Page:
(2)   Subregulation (1) does not apply if the person has a reasonable excuse.

31            False or misleading document

         (1)   A person must not, in complying with a summons under regulation 27, produce a document that, to the knowledge of the person, is false or misleading in a material particular.

         (2)   Subregulation (1) does not apply to a person who produces a document that, to the knowledge of the person, is false or misleading in a material particular if the document is accompanied by a written statement signed by the person:

                (a)    stating that the document is, to the knowledge of the person, false or misleading in a material particular; and

               (b)    setting out, or referring to, the material particular in which the document is false or misleading.

Penalty:  

·         for a natural person — 50 penalty units

·         for a company — 250 penalty units.

         (3)   Subregulation (1) does not apply if the person has a reasonable excuse.

32            Intimidation etc

         (1)   A person must not:

                (a)    threaten, intimidate or coerce another person; or

               (b)    cause or procure damage, loss or disadvantage to another person;

because that other person:

                (c)    proposes to produce, or has produced, documents to the Commission; or

               (d)    proposes to appear or has appeared as a witness before the Commission.

Penalty:  

·         for a natural person — 50 penalty units

·         for a company — 250 penalty units.

         (2)   Subregulation (1) does not apply if the person has a reasonable excuse.

33            Disturbing an arbitration hearing etc

         (1)   A person must not, in relation to the arbitration of a dispute:

                (a)    insult or disturb a member of the ACCC in the exercise of the member’s powers, or the performance of the member’s functions or duties, as a member of the ACCC; or

               (b)    interrupt an arbitration hearing; or

                (c)    use insulting language towards a member of the ACCC exercising powers, or performing functions, as such a member; or

               (d)    create a disturbance, or take part in creating or continuing a disturbance, in a place where the ACCC is holding an arbitration hearing.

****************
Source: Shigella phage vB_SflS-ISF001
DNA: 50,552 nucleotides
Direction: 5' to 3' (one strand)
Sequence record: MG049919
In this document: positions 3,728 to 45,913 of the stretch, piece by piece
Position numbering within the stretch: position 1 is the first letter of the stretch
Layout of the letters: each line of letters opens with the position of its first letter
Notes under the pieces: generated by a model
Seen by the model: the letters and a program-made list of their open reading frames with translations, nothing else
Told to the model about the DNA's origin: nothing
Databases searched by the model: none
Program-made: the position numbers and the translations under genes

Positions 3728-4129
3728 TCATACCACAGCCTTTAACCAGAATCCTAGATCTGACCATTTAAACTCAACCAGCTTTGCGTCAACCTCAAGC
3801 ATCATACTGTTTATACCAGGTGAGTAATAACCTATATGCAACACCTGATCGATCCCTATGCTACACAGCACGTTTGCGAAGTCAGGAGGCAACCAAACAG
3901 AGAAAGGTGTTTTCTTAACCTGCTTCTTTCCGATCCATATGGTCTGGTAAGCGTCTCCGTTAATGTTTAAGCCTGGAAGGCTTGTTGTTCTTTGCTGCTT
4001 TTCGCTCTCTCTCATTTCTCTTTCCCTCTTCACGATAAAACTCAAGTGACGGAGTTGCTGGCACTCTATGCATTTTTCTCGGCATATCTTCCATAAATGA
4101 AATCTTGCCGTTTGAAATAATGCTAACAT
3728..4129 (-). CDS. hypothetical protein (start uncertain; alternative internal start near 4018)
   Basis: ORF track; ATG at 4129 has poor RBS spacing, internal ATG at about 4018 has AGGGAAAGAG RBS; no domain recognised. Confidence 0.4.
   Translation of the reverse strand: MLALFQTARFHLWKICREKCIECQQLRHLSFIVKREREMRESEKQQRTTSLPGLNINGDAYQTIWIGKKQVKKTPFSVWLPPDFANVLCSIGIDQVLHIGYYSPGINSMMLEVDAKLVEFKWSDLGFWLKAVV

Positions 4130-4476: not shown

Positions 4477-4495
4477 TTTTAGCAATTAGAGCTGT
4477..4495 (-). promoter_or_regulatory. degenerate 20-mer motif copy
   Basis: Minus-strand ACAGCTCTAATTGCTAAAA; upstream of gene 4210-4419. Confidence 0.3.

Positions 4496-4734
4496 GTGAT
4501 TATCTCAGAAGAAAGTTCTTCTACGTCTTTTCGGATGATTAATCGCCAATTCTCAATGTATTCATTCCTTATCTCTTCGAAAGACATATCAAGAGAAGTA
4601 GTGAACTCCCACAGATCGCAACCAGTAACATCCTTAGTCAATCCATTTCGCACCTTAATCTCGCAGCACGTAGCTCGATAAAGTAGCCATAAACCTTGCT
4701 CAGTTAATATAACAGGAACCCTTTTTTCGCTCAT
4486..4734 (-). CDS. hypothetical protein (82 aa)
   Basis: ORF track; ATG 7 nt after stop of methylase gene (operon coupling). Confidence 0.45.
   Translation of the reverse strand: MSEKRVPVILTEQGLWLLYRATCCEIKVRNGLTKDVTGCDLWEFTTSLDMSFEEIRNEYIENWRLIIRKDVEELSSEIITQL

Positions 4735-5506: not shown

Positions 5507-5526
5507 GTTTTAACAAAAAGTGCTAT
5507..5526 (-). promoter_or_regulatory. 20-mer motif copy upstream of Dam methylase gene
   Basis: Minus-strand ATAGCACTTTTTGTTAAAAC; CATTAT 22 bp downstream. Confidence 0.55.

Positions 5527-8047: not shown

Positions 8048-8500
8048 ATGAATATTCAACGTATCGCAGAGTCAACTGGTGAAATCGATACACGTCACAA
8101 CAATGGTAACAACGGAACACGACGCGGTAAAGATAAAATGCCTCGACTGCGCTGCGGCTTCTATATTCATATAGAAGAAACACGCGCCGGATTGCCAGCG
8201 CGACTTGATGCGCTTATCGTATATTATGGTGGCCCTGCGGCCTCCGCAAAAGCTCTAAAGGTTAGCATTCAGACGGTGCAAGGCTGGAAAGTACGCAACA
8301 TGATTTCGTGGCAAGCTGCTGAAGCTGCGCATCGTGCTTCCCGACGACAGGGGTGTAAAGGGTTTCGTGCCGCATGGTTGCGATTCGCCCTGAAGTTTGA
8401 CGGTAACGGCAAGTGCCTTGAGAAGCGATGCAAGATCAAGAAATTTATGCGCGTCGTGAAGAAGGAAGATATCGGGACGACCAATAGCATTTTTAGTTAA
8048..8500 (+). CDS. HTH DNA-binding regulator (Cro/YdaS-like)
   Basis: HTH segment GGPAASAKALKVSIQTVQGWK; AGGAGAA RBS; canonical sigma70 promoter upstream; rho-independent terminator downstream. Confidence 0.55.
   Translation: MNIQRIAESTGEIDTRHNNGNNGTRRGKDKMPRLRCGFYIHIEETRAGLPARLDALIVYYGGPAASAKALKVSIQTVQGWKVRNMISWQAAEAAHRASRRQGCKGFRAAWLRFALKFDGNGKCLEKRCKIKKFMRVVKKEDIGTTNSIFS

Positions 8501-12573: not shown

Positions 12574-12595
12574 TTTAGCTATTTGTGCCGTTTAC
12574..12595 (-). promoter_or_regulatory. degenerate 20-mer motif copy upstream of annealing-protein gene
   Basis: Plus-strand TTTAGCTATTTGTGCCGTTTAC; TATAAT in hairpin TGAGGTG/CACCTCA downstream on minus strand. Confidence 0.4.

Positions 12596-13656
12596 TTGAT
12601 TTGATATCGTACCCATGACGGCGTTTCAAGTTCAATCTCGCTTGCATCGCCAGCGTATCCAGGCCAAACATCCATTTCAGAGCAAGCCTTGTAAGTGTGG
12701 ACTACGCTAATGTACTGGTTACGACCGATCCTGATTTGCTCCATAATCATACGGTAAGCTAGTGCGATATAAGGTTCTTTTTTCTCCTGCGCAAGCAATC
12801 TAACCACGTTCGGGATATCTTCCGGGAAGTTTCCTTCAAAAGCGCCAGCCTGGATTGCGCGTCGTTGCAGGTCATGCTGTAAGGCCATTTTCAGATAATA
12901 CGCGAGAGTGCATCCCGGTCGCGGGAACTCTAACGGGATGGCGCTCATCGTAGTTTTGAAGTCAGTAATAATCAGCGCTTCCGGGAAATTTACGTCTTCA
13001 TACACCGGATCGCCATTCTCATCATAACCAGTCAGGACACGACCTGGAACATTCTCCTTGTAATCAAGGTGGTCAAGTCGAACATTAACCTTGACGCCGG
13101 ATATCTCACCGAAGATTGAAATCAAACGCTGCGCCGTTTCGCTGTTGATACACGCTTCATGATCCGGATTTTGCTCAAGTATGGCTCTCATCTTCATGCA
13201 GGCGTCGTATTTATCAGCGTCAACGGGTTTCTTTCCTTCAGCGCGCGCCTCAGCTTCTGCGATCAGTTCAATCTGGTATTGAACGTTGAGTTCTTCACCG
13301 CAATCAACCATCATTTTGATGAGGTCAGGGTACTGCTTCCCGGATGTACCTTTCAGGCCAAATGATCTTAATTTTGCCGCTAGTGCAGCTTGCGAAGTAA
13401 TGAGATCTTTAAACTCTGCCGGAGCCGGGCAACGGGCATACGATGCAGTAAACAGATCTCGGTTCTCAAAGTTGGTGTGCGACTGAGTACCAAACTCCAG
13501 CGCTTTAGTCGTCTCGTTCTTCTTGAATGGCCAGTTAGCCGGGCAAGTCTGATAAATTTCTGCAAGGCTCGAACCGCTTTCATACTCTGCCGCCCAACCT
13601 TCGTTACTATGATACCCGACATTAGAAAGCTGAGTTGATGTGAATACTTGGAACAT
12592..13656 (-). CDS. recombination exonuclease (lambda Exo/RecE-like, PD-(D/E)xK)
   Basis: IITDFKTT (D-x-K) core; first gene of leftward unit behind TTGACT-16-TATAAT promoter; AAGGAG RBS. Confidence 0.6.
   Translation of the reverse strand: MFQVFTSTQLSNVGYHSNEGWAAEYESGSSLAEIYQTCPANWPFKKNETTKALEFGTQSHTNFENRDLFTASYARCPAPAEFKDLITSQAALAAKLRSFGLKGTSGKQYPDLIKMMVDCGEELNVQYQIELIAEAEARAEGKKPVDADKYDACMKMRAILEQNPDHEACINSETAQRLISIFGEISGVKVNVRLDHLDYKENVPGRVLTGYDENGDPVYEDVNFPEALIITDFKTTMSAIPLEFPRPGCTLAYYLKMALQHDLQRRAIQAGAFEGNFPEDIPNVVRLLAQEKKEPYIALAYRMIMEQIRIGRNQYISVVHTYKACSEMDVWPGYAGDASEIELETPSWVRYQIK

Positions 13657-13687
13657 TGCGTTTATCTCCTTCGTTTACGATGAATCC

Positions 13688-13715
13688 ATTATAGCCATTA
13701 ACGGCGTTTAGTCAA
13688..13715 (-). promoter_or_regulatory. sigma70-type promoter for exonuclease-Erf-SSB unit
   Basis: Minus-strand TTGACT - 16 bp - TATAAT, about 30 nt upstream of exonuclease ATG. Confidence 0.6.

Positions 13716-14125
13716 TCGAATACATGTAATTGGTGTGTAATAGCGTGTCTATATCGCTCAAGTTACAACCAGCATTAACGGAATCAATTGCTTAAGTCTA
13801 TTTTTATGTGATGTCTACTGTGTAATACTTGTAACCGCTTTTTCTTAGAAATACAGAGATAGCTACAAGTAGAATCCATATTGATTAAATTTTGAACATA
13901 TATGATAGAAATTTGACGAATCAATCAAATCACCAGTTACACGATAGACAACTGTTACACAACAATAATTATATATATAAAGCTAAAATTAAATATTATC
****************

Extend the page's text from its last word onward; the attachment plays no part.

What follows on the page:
Penalty: 

·         for a natural person — 30 penalty units

·         for a company — 150 penalty units.

         (2)   Subregulation (1) does not apply if the person has a reasonable excuse.

34            Party may request ACCC to treat material as confidential

         (1)   A party to an arbitration hearing may:

                (a)    inform the ACCC that, in the party’s opinion, a specified part of a document contains confidential commercial information; and

               (b)    request the ACCC not to give a copy of that part to another party.

         (2)   On receiving a request, the ACCC must:

                (a)    inform the other party or parties that the request has been made and of the general nature of the matters to which the relevant part of the document relates; and

               (b)    ask the other party or parties whether there is any objection to the ACCC complying with the request.

         (3)   If there is an objection to the ACCC complying with a request, the party objecting may inform the ACCC of its objection and of the reasons for it.

         (4)   After considering:

                (a)    a request; and

               (b)    any objection; and

                (c)    any further submissions that a party has made in relation to the request;

the ACCC may decide not to give to the other party or parties a copy of so much of the document as contains confidential commercial information that the ACCC thinks should not be so given.

35            Parties to pay costs of an arbitration

                The ACCC may:

                (a)    charge the parties to an arbitration for its costs in conducting the arbitration; and

               (b)    apportion the charge between the parties.

Note

1.       Notified in the Commonwealth of Australia Gazette on 20 September 2001.